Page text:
A recently published study in Clinical infectious diseases assessed deaths from fungal infections during the 2019 coronavirus disease (COVID-19) pandemic in the United States (US).
Yeasts, molds, dimorphs, and yeast-like fungi are common fungal pathogens. Clinically, fungal infections result in superficial lesions as well as life-threatening conditions. Serious infections typically affect immunocompromised individuals such as cancer patients, organ or stem cell transplant recipients, users of immunosuppressive drugs, etc.
To date, more than a million people have died from COVID-19 in the United States. In addition, COVID-19 could increase the risk of severe fungal infection due to COVID-19-associated immune dysfunction, lung damage and therapies, thereby compromising the host’s immune system against pathogenic fungi. There is evidence that severe fungal infection in COVID-19 patients could lead to poor clinical outcomes.
About the study
The present study analyzed data from the US National Vital Statistics System (NVSS) to examine demographic information, fungal disease burden and trends over time. They used preliminary 2021 mortality data and final 2018–2020 mortality data from NVSS. Deaths related to fungal infections were identified and coded according to the International Classification of Diseases, Tenth Revision (ICD-10) codes. Deaths related to COVID-19 were coded similarly.
The number, percentage, and age-adjusted rates of fungal deaths from January 2018 to December 2021 were analyzed by fungal pathogen, year, and COVID-19 association (whether COVID-19 was a contributing factor). The monthly number of deaths from fungi during the COVID-19 pandemic was examined by examining whether COVID-19 contributed to mortality; simultaneous monthly COVID-19 deaths were also analyzed.
Fungal die-off data between January 2020 and December 2021 was stratified by the COVID-19 Association; Age-adjusted death rates were analyzed by US Census race/ethnicity, sex, fungal pathogen, and city of residence.
Between 2018 and 2021, 22,700 deaths from fungal infections/pathogens have occurred. The number of deaths from fungi per 100,000 people for 2018 and 2019 was similar at 4746 and 4833 deaths, respectively, and the age-adjusted rate was 1.2 in both years. However, it rose to 5922 in 2020 with a death rate of 1.5. Likewise, in 2021 about 7199 (fungal) deaths were observed with a rate of 1.8.
COVID-19-associated deaths in 2020 and 2021 accounted for 21.9% of the 13,121 fungal deaths during that period. COVID-19 represented the most common underlying cause of death (90.5%) among COVID-19-associated fungal deaths, accounting for 0.3% of COVID-19 deaths in 2020-21. Candida and aspergillus were the most common fungal pathogens, accounting for 24.4% and 16.4% of the total number of fungal deaths in 2020-21.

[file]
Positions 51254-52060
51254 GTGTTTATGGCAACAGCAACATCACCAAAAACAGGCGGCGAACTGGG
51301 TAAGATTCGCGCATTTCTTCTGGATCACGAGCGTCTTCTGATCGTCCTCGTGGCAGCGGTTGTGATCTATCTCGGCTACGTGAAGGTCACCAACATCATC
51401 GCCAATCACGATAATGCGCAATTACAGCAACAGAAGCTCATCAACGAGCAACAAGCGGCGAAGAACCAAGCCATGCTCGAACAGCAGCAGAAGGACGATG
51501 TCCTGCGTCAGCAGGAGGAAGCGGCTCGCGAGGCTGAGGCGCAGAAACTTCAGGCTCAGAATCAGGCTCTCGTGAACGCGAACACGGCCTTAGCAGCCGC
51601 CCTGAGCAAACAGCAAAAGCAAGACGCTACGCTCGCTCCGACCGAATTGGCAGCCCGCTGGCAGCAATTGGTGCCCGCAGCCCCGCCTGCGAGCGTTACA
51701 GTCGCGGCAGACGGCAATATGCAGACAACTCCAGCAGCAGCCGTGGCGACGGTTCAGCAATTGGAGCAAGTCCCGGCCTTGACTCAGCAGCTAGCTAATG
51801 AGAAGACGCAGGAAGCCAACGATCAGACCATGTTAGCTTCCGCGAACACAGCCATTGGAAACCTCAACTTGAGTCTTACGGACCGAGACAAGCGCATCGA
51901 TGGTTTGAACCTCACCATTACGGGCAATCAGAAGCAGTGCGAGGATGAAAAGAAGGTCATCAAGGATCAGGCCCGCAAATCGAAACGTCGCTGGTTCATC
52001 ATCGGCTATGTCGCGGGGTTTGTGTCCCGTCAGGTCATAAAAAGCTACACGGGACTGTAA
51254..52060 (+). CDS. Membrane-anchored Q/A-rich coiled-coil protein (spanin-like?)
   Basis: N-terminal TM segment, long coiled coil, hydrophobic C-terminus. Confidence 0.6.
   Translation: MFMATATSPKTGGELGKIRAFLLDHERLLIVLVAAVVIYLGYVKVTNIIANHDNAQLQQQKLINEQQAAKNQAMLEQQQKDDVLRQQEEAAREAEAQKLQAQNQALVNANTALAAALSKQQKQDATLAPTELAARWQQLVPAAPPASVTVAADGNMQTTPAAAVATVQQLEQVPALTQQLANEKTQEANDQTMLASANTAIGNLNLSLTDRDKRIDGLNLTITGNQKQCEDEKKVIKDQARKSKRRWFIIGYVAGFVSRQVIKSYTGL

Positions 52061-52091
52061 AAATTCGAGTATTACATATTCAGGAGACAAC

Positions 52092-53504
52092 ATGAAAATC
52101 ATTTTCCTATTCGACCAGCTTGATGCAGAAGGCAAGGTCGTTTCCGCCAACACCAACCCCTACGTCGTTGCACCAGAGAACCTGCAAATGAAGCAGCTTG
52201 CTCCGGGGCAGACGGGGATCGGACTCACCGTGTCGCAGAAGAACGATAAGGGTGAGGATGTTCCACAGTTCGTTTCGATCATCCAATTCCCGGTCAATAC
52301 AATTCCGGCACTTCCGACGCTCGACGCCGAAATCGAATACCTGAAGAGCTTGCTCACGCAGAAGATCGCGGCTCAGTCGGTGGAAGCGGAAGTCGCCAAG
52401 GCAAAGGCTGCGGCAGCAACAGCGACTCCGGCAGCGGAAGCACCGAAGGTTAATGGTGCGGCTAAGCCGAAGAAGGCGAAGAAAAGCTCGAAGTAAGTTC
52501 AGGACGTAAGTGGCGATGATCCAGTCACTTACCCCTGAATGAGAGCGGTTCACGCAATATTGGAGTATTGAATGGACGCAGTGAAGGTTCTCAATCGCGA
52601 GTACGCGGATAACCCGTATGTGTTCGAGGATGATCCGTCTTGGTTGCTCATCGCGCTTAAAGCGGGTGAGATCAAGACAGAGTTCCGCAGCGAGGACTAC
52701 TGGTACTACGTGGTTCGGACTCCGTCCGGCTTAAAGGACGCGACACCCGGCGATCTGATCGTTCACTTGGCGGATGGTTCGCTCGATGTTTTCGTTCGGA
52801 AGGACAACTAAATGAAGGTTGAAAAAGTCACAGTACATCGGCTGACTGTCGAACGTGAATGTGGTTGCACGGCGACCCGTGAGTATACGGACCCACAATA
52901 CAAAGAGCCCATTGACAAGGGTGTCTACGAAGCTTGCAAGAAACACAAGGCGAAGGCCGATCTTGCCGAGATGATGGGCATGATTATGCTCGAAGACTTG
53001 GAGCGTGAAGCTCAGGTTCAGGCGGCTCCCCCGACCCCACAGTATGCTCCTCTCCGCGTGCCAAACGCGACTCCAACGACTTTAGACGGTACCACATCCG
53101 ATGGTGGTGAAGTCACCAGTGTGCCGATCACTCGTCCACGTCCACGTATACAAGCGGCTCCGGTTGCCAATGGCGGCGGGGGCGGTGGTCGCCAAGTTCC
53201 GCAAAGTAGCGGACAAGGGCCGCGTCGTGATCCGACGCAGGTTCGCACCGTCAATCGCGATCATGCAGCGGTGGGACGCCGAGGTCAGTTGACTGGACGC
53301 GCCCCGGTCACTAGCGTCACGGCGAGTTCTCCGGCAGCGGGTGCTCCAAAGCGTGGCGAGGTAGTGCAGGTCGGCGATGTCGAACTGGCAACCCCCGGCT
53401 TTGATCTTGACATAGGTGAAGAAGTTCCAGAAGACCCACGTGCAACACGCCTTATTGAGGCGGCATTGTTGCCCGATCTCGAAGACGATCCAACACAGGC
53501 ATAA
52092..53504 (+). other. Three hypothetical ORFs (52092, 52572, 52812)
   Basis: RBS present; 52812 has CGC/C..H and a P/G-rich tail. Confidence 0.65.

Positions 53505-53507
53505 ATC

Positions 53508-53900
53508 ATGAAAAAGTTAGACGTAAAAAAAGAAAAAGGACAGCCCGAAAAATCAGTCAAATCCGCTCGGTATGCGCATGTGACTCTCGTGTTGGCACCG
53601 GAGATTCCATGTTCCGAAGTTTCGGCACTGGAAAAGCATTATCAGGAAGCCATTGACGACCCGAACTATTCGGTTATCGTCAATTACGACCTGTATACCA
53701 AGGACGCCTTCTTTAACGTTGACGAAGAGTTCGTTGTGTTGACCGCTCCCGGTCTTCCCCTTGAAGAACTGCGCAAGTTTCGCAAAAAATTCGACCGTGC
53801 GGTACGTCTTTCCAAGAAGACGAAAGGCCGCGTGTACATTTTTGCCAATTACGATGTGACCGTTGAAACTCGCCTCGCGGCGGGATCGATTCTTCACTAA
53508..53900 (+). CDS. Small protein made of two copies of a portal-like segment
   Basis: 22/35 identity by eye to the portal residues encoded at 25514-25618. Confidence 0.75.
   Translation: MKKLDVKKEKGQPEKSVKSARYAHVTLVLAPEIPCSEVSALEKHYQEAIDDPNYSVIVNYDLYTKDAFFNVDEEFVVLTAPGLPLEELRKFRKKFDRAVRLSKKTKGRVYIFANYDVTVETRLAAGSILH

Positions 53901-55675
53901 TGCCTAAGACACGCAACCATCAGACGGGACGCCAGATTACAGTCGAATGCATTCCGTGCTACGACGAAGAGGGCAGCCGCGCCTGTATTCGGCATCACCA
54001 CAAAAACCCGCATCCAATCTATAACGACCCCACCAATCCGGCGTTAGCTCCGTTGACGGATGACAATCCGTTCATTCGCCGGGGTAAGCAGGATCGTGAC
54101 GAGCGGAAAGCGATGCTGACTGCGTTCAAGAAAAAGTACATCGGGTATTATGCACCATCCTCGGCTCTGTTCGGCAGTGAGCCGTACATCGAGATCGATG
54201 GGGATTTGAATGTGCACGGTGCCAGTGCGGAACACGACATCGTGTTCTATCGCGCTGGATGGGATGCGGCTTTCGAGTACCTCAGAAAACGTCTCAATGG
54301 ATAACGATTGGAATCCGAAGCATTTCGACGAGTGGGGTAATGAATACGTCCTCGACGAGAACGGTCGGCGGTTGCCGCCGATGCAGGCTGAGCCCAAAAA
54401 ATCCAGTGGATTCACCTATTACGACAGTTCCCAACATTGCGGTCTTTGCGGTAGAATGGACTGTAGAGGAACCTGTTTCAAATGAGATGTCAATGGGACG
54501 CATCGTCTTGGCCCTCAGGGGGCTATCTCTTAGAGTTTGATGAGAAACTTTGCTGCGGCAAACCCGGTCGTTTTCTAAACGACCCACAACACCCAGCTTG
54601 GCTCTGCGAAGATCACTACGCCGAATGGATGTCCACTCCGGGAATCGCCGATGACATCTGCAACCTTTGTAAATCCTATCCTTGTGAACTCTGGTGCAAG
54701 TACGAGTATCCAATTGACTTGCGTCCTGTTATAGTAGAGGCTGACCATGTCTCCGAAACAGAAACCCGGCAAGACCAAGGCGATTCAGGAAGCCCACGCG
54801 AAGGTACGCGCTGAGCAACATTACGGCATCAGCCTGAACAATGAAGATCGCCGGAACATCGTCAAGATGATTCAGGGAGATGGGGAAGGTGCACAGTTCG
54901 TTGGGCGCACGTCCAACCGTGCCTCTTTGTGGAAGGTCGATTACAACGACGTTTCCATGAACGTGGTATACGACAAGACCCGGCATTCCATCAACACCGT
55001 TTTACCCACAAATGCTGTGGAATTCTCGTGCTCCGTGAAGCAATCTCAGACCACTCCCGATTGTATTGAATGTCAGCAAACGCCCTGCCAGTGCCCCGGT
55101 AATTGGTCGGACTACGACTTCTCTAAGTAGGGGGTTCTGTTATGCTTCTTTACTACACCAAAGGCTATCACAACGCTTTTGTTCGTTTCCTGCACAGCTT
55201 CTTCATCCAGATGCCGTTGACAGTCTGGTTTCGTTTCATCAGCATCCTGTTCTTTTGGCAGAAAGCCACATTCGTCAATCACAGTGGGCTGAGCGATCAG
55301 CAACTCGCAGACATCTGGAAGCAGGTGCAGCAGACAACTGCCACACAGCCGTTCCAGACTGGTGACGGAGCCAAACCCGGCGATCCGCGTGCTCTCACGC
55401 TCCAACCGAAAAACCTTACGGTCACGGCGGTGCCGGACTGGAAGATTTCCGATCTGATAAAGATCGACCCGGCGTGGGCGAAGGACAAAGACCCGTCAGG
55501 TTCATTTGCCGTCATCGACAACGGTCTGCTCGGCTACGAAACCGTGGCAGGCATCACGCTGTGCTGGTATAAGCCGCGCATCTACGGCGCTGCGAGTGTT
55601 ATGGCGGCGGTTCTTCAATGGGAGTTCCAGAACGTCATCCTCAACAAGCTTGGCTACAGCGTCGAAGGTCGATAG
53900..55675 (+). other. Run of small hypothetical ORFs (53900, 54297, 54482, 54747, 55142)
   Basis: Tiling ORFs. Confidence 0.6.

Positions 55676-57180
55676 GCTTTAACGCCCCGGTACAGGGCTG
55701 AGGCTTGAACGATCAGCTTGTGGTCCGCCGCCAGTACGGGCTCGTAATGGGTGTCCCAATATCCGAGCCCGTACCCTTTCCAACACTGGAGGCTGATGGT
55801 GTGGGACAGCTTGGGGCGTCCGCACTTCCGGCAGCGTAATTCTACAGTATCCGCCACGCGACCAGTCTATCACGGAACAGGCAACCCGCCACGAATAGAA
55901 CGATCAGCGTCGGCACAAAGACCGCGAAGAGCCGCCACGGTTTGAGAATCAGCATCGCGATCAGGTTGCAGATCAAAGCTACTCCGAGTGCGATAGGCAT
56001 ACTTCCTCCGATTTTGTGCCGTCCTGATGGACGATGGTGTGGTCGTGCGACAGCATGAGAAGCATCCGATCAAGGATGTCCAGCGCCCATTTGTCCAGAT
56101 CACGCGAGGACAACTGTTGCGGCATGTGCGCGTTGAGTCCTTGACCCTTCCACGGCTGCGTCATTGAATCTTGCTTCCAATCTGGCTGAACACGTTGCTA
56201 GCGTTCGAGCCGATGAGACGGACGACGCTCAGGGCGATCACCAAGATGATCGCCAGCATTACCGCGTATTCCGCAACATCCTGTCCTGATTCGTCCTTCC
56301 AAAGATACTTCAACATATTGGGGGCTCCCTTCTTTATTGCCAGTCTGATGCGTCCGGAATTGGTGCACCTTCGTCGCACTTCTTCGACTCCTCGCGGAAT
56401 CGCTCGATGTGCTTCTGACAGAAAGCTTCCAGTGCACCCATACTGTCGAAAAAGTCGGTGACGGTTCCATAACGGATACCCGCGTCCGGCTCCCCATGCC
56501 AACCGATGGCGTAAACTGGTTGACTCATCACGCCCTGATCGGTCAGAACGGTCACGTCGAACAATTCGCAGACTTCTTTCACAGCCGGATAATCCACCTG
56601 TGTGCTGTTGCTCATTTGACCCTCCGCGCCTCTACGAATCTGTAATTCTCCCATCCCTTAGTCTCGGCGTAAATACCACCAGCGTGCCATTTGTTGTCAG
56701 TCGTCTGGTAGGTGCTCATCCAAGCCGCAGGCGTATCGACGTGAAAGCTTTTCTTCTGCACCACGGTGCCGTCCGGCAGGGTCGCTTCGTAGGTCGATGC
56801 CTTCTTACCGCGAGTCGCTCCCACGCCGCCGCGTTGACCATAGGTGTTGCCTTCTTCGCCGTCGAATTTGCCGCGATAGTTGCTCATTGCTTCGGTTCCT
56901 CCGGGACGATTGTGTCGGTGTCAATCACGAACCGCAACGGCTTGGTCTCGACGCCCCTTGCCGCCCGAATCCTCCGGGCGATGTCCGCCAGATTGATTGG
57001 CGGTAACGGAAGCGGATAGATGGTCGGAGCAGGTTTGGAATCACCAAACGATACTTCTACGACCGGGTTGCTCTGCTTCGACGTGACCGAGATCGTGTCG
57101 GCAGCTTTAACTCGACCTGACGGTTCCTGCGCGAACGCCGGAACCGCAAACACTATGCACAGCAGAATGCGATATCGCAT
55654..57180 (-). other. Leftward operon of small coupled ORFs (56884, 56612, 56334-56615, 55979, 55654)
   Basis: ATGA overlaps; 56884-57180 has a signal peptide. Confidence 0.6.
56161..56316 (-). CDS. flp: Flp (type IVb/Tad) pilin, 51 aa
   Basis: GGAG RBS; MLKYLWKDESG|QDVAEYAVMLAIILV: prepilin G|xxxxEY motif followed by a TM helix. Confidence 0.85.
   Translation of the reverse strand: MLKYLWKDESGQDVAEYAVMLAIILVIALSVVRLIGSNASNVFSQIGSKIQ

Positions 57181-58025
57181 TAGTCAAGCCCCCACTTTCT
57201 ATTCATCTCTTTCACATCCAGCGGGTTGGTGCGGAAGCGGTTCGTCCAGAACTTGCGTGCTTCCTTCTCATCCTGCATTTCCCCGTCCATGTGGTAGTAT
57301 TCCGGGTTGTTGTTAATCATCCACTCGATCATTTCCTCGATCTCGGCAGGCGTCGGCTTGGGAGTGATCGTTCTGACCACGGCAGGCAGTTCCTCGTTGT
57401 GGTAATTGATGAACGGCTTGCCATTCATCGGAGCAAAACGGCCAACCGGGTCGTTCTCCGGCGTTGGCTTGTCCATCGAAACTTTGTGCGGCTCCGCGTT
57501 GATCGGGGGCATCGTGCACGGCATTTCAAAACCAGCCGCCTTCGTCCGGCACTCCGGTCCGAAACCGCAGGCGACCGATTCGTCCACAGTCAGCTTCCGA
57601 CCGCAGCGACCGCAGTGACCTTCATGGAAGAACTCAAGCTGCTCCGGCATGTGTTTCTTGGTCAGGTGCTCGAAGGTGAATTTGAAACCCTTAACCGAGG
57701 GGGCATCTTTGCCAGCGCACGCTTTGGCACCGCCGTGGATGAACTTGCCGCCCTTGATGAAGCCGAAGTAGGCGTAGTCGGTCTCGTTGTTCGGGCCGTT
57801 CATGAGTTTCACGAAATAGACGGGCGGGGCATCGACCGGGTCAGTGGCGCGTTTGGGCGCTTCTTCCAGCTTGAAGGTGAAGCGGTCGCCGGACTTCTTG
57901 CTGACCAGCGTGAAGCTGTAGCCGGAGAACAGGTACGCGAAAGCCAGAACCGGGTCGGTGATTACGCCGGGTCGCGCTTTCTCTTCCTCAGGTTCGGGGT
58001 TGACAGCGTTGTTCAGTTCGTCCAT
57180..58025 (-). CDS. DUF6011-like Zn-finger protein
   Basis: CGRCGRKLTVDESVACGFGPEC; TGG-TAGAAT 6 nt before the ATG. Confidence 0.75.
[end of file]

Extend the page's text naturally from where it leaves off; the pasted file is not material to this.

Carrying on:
Nevertheless, the pathogen remained unspecific in more than 35% of all fungal deaths in the same period. In particular, COVID-19-associated fungal deaths were predominantly due to the following causes Candida and aspergillus Infections relative to non-COVID-19 associated fungal deaths. In 2018-19, an average of 399 fungal deaths per month were recorded, and 423 fungal deaths occurred during the peak of the first COVID-19 wave (April 2020). Nonetheless, it peaked in January 2021 and October 2021 with 690 and 718 fungal deaths, respectively, coinciding with the COVID-19 mortality peak(s).
Most deaths from fungal infections in 2020-21 were recorded in men (59.7%) and those aged 65 and over. Age-adjusted rates for COVID-19-associated fungal deaths were higher in people who were non-Hispanic American Indians or Alaska Natives (AI/AN). [1.3]Hispanic (0.7) and Black (0.6) than non-Hispanic White (0.2) and non-Hispanic Asian (0.3).
For non-COVID-19-related fungal deaths, age-adjusted death rates were consistently higher among AI/AN (3), Hispanic (1.9), and non-Hispanic Hawaiian Natives (NHPI). [2.4] and Black populations as White (1,1) or Asiatic (1,2) individuals. The gross death rate from fungi was higher among people from non-metropolitan areas than among metropolitan residents.
Age-adjusted fungal death rates were lower in the US Census Divisions Mountain (2.1) and Pacific (2) but in the New England Division (1.3). Mountain and West South-Central Divisions showed higher rates (0.5) of non-COVID-19 related deaths, while they were lower in New England Division (0.2).
Researchers observed that more people died from yeast infections in 2020-21, an upward trend compared to previous years. COVID-19-associated fungal deaths led to this increase, underscoring the critical importance of fungal infections in COVID-19 patients. Fungal deaths increased in parallel with the COVID-19 spikes in January and October 2021, but not in April 2020.
In summary, the study showed that fungal infections are a significant burden in the United States. These findings could help inform efforts to identify, treat, or prevent serious fungal infections in COVID-19 patients, particularly in some ethnic and racial groups and geographic regions.